Low serum vitamin D is independently associated with unexplained elevated ALT only among non-obese men in the general population

Shira Zelber-Sagi, Reut Zur, Tamar Thurm, Alex Goldstein, Ofir Ben-Assuli, Gabriel Chodick, Oren Shibolet

Research output: Contribution to journalArticlepeer-review


Introduction and Objectives: There are inconsistent findings on the association between human non-alcoholic fatty liver disease (NAFLD) and vitamin D, perhaps due to insufficient specificity for gender and obesity status. We aimed to assess whether serum levels of 25-hydroxyvitamin D are associated with unexplained elevated alanine aminotransferase (ALT) in general population across gender and body mass index (BMI) levels. Materials and methods: A cross-sectional analysis of a population-based cohort with a nationwide-distribution using electronic medical database. The population consisted of individuals aged 20–60 years who underwent blood tests for ALT and vitamin D. Results: A total of 82,553 subjects were included (32.5% men, mean age 43.91 ± 10.15 years). The prevalence of elevated ALT was higher among men and women with vitamin D insufficiency or deficiency, but in multivariate analysis, adjusting for: age, BMI, serum levels of glucose, total cholesterol, triglycerides, statin use and season, only the association among men remained significant for the vitamin D deficiency category (OR = 1.16, 95%CI 1.04–1.29, P = 0.010). Stratification by BMI revealed that only among normal weight and overweight men vitamin D deficiency was associated with elevated ALT (OR = 1.27, 95%CI 1.01–1.59, P = 0.041 and OR = 1.27, 95%CI 1.08–1.50, P = 0.003, respectively). No independent association was shown among women at all BMI categories. Conclusions: In a “real-life” general population, the association between vitamin D deficiency and unexplained elevated ALT is specific for non-obese men. The clinical significance of vitamin D for human NAFLD should be further elucidated with attention for a modifying effect of gender and adiposity.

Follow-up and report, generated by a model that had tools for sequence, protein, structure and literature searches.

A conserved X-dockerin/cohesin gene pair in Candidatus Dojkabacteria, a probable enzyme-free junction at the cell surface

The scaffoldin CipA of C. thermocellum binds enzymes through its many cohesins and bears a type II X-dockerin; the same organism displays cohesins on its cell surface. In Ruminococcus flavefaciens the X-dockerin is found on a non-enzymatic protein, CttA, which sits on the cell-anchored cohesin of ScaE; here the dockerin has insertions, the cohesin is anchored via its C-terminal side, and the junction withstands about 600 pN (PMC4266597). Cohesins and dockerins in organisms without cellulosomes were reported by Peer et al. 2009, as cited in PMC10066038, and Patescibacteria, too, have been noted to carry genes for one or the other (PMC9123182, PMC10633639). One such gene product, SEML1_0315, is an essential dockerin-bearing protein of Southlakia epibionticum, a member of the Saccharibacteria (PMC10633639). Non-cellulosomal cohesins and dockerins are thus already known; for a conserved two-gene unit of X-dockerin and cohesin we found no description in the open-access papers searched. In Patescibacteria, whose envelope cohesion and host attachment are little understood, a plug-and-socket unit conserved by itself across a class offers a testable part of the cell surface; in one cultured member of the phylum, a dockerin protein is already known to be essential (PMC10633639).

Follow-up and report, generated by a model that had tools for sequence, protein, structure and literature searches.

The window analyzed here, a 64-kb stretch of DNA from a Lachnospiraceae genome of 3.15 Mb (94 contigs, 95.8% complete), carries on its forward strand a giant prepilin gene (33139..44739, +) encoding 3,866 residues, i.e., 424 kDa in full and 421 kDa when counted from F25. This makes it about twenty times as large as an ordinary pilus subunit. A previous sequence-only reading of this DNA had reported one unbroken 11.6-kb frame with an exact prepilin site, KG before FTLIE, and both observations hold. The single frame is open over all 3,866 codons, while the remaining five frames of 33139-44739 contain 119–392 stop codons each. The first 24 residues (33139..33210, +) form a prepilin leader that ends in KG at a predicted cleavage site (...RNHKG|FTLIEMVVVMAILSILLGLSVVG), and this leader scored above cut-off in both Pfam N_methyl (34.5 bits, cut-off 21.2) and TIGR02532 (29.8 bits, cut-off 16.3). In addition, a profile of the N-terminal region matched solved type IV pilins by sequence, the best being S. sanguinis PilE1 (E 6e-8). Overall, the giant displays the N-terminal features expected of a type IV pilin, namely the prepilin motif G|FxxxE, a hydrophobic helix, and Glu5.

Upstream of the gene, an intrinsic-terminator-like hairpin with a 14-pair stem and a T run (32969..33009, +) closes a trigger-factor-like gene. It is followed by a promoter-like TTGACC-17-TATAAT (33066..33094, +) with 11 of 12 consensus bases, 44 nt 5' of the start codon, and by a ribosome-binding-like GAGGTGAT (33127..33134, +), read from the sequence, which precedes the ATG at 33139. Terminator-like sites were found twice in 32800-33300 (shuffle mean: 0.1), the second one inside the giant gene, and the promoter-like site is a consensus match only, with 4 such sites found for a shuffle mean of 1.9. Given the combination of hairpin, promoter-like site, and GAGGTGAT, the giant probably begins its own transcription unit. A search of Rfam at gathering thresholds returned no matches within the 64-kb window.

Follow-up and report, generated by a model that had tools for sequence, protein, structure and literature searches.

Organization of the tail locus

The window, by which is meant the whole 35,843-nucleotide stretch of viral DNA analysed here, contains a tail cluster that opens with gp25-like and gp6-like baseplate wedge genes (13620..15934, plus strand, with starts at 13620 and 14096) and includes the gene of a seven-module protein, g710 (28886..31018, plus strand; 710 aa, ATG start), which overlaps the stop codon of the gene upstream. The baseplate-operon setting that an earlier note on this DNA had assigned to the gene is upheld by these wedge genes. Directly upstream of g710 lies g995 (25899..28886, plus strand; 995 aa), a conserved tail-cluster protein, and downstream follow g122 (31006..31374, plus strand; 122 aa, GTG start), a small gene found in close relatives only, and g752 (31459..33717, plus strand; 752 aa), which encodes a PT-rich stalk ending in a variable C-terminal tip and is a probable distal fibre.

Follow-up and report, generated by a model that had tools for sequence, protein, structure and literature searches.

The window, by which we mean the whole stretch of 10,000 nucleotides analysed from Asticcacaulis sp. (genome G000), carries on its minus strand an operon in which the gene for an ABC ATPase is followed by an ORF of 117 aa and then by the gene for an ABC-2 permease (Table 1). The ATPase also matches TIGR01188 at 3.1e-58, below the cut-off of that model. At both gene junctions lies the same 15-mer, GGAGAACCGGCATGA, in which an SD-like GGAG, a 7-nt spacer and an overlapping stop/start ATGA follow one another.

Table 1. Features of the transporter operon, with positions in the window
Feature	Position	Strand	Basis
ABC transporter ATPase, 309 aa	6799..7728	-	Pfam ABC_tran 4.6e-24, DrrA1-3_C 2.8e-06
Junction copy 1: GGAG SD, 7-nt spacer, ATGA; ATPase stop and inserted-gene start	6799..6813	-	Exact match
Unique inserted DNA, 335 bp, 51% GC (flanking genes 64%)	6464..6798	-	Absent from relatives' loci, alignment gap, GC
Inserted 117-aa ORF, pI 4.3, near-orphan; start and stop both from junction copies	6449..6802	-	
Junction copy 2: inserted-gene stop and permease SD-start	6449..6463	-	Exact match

Original languageEnglish
Pages (from-to)578-584
Number of pages7
JournalAnnals of Hepatology
Issue number4
StatePublished - 1 Jul 2019

Bibliographical note

Publisher Copyright:
© 2019 Fundación Clínica Médica Sur, A.C.


  • 25(OH)D
  • BMI
  • Gender differences
  • Nonalcoholic fatty liver disease (NAFLD)
  • Obesity

ASJC Scopus subject areas

  • Hepatology


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